Leaderboard of the day: team OPS in road games

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MLB.com has rolled out some new stats pages, and it looks like those tantalizing splits they’ve always sort of featured but that only end up working half of the time at best are actually fully operational.

So, using those splits, here’s a leaderboard for today.  I’m looking at each team’s OPS in road games only, and then contrasting that to where the team rank in home games:

1. Cardinals – .792 – 19
2. Yankees – .776 – 4
3. Tigers – .761 – 10
4. Dodgers – .760 – 27
5. Red Sox – .751 – 1
6. Angels – .749 – 25
7. Rays – .741 – 24
8. Mets – .718 – 12
9. Pirates – .709 – 29
10. Cubs – .708 – 15
11. Reds – .707 – 9
12. Royals – .701 – 14
13. Orioles – .699 – 11
14. Blue Jays – .696 – 6
15. White Sox – .694 – 13
16. Padres – .693 – 30
17. Diamondbacks – .693 – 5
18. Rockies – .689 – 8
19. Rangers – .683 – 2
20. Giants – .676 – 26
21. Astros – .673 – 18
22. Phillies – .666 – 20
23. Indians – .663 – 7
24. Braves – .658 – 17
25. Marlins – .656 – 21
26. Brewers – .652 – 3
27. Mariners – .637 – 28
28. Nationals – .633 – 16
29. Twins – .632 – 23
30. Athletics – .615 – 22

So, the Cardinals are first in the majors in road OPS and 19th in home OPS.

There are some other huge disparities here, particularly with those Southern California teams.  The Padres have actually been perfectly average offensively outside of Petco Park, while the Dodgers and Angels have thrived offensively outside of their parks.  It shows up in the records of the Padres and Angels, both of whom have superior marks in road games.  The Dodgers, though, are five games under .500 both at home and on the road.

We can also see here just how overrated the Texas offense as.  The team has 64 homers at home and just 31 on the road.

The Brewers are right there with the Rangers.  They’re actually 29-11 at home this season and 15-27 on the road.  It’s not the fault of the superstars: Ryan Braun is hitting .306 with six homers on the road, while Prince Fielder is at .279 with eight homers.  However, Casey McGehee is hitting .218 with one homer on the road, Corey Hart is at .240 with two homers and Yuniesky Betancourt is at .188 with one homer.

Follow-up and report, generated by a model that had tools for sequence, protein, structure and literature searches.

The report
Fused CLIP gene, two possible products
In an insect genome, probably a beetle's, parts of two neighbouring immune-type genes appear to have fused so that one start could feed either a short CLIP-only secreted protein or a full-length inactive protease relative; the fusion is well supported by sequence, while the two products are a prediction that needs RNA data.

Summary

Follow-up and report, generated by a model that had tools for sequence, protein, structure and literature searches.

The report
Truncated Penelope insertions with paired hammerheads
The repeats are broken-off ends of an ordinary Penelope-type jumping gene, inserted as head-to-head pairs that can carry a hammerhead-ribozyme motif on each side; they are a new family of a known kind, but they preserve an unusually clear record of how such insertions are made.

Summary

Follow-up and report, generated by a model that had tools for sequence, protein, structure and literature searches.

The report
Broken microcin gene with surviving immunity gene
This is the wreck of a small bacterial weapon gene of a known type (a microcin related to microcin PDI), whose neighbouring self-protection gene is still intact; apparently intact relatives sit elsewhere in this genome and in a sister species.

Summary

Gio González exits NLCS Game 4 start after twisting ankle

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Brewers starter Gio González was forced to exit his NLCS Game 4 start against the Dodgers in the second inning after twisting his left ankle attempting to field a comebacker hit by Yasiel Puig. González leaped, deflected the ball and twisted his ankle landing, then went after the ball but Puig reached base easily.

The Brewers’ trainer and manager Craig Counsell came out to the mound to observe González throwing some practice pitches. He was clearly in pain but was allowed to stay in. He threw one pitch to Austin Barnes and very visibly grimaced after completing his wind-up. Counsell came back out to the mound and took a visibly upset González out of the game. Freddy Peralta came in relief to finish out the at-bat. González probably shouldn’t have been allowed to stay in the game in the first place, but sometimes a player’s competitiveness is enough to convince a manager and a trainer.

Upon entering, Peralta issued a walk to Austin Barnes, then got the first out when Rich Hill laid down a mediocre bunt, allowing Peralta to get the lead runner at third base. Peralta struck out Chris Taylor and walked Justin Turner to load the bases with two outs. Dodgers manager Dave Roberts opted to pinch-hit for David Freese with Max Muncy, who struck out looking. Peralta was somehow able to slither out of the jam.

Gonzalez pitched two innings in NLCS Game 1 on Friday. He was quite good after joining the Brewers in a late-August trade with the Nationals, compiling a 2.13 regular season ERA in five starts with his new club. The Brewers will likely provide an update on his status after Tuesday night’s game.